“Many parties … worry about the long-term effects on democracy”
A report flagged concerns by unnamed political parties in the European Union, including one in Poland. “Research conducted in the EU reveals that political parties ‘feel strongly that the change to the algorithm has forced them to skew negative in their communications on Facebook, with the downstream effect of leading them into more extreme policy positions,’” it says. Facebook apparently heard similar concerns from parties in Taiwan and India.
News publishers — a frequent victim of Facebook’s algorithm tweaks — unsurprisingly also weren’t happy with the change. Facebook flagged that BuzzFeed CEO Jonah Peretti complained that the change promoted things like “junky science” and racially divisive content.
In Poland, “one party’s social media management team estimates that they have shifted the proportion of their posts from 50/50 positive/negative to 80 percent negative, explicitly as a function of the change to the algorithm.” And “many parties, including those that have shifted strongly to the negative, worry about the long-term effects on democracy.”
The news is part of a larger Wall Street Journal series based on internal Facebook research. Today’s report delves into the fallout of a 2018 decision to prioritize posts with lots of comments and reactions. Facebook allegedly made the change after noticing that comments, likes, and reshares had declined throughout 2017 — something it attributed partly to people viewing more professionally produced video. Publicly, CEO Mark Zuckerberg described it as a way to increase “time well spent” with friends and family instead of passive video consumption.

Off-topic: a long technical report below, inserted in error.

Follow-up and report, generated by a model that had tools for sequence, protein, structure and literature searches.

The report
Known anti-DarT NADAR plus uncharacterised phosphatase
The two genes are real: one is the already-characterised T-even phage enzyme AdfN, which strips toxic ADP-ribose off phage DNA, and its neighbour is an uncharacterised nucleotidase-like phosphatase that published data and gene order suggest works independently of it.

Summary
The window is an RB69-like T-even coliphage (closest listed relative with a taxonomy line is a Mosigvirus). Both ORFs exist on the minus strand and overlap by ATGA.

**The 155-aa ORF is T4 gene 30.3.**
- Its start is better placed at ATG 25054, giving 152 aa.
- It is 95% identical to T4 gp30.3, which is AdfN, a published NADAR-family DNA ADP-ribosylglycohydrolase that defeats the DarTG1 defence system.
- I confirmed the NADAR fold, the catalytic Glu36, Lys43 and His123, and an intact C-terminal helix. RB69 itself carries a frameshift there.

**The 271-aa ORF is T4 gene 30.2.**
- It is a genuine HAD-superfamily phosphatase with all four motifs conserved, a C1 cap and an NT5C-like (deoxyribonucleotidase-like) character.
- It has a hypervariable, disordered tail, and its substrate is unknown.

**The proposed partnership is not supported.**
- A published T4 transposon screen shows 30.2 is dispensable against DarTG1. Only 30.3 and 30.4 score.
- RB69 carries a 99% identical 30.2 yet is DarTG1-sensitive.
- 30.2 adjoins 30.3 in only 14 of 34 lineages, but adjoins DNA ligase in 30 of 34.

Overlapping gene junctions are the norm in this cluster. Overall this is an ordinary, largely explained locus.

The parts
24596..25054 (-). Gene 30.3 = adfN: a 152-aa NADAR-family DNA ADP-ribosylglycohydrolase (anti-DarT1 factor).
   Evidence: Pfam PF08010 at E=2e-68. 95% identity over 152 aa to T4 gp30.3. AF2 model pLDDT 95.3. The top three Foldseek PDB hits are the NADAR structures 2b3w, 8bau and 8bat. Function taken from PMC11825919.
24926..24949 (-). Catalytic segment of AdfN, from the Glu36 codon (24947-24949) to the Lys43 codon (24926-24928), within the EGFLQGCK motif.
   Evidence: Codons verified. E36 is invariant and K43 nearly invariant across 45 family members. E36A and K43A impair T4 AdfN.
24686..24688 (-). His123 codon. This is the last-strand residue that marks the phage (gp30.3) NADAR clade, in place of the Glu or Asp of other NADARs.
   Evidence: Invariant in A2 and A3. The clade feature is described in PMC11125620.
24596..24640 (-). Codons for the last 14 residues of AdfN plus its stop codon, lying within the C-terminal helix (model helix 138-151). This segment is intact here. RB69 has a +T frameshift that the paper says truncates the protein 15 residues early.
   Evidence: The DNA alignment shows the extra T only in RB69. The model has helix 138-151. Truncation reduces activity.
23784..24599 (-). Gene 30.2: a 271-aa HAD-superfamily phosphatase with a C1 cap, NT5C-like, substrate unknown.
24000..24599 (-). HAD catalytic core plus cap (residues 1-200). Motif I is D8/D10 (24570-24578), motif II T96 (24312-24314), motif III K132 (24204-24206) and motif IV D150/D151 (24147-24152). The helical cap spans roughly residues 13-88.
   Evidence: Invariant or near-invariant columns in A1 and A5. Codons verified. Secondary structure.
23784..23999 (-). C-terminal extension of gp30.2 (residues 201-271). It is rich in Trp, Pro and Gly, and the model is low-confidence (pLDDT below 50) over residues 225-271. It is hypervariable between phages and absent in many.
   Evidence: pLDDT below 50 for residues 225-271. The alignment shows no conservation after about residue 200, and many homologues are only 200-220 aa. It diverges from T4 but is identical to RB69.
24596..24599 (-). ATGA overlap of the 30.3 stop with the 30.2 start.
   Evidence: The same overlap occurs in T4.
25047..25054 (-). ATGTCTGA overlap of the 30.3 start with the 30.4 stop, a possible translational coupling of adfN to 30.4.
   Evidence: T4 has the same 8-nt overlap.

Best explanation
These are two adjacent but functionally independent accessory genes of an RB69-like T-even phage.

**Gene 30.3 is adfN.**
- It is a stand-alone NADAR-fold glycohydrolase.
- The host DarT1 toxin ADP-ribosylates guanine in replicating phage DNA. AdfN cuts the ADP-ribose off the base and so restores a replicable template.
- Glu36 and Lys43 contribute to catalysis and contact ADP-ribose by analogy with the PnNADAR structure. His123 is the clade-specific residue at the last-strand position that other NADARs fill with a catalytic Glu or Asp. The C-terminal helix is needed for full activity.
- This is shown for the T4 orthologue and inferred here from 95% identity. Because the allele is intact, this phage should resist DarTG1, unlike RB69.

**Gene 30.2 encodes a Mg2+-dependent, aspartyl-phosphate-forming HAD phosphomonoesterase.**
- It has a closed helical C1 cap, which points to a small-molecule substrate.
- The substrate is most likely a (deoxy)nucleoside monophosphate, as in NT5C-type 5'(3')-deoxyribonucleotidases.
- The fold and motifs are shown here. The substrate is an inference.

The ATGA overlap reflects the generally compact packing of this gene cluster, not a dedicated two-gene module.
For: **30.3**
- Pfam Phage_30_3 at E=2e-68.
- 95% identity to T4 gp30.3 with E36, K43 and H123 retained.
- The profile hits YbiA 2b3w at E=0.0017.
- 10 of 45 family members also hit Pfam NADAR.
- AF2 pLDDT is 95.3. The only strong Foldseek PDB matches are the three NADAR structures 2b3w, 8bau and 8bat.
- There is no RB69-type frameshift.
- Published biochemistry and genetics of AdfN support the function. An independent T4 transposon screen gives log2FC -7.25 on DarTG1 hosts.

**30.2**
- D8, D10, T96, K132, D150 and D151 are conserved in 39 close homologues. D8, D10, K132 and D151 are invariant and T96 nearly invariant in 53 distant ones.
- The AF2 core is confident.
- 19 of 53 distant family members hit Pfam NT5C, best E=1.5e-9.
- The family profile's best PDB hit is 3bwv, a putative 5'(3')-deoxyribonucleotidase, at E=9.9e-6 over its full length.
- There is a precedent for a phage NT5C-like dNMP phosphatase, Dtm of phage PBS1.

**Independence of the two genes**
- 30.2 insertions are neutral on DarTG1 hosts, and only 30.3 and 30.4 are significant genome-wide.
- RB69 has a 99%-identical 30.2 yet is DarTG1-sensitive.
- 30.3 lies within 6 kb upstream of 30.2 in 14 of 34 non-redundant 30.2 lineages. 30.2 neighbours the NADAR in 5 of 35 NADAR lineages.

After the change, internal research found mixed results. Daily active users increased and users found content shared by close connections more “meaningful,” but reshared content (which the change rewarded) contained “inordinate” levels of “misinformation, toxicity, and violent content.” People tended to comment on and share controversial content, and in the process they apparently made Facebook in general angrier.
Facebook frequently tweaks the News Feed to promote different types of content, often clearly responding to public concern as well as financial considerations. (The “time well spent” movement, for instance, did harshly stigmatize “mindless scrolling” on social media.) Facebook engineering VP Lars Backstrom told the Journal that “like any optimization, there’s going to be some ways that it gets exploited or taken advantage of.”
But the Journal writes that when Facebook’s researchers proposed fixes, Zuckerberg was hesitant to implement them if they threatened to reduce user engagement. Ultimately, however, Facebook would reduce the importance of commenting and sharing to the News Feed algorithm — putting more weight on what people actually said they wanted to see.